Robots are being taught to say "No" to humans. What could go wrong?

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David Cornish

"I'm sorry Dave, I'm afraid I can't do that."

A terrifying response if you need Hal to open the pod bay doors, but one that researchers at Tuft University, Massachusetts, believe will make robots safer to work with.

The research team isn't teaching their robots to behave with the emotional depth of a hormonal teenager - their response of "No" to certain requests stems from the robot's ability to assess an instruction and decided if it should carry it out.

For example, the instruction of "Go over there" might involve a robot putting itself at risk (if "there" is off a cliff). As such, the robot is able to reply in the negative before explaining why it has made that decision "There's no support ahead".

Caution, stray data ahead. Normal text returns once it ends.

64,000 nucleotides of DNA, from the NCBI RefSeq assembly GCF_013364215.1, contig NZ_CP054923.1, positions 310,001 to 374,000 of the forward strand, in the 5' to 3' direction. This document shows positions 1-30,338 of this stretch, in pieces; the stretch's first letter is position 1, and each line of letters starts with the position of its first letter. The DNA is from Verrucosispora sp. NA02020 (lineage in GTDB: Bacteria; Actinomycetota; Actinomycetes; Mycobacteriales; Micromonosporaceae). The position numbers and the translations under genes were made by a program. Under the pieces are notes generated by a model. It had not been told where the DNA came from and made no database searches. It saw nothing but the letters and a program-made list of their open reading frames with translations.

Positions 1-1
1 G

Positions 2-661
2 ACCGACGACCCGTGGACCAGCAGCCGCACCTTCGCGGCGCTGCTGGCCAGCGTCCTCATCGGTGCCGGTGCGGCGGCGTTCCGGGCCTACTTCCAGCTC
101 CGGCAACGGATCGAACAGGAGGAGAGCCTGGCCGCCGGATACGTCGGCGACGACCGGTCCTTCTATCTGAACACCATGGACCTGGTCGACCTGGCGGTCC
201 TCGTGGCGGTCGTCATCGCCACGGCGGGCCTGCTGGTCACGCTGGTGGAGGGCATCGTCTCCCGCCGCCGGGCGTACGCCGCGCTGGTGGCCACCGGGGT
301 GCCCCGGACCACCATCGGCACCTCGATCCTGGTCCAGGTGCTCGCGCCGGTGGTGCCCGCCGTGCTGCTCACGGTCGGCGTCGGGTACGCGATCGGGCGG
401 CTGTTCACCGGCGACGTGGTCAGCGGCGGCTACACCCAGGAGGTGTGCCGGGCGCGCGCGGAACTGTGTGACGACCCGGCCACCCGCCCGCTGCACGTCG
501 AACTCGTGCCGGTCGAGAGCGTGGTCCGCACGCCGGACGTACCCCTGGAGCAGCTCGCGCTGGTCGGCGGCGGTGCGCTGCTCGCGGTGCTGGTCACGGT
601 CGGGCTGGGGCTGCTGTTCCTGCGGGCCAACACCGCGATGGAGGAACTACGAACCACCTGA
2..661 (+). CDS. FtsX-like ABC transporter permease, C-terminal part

It could prove to be a very helpful mechanism that actually keeps humans safe: say you're on a demolition site, tearing down a building with a robot. The request "Knock down that wall" might get the response "No. That's a supporting wall structure. It would collapse and cause us serious injury" - which is a great deal more helpful than a robot blindly going about your bidding.

Not that we'll be sleeping any easier at night knowing that robots are now able to make their own decisions.

Terminator is starting to look less like fiction, and more like a documentary.


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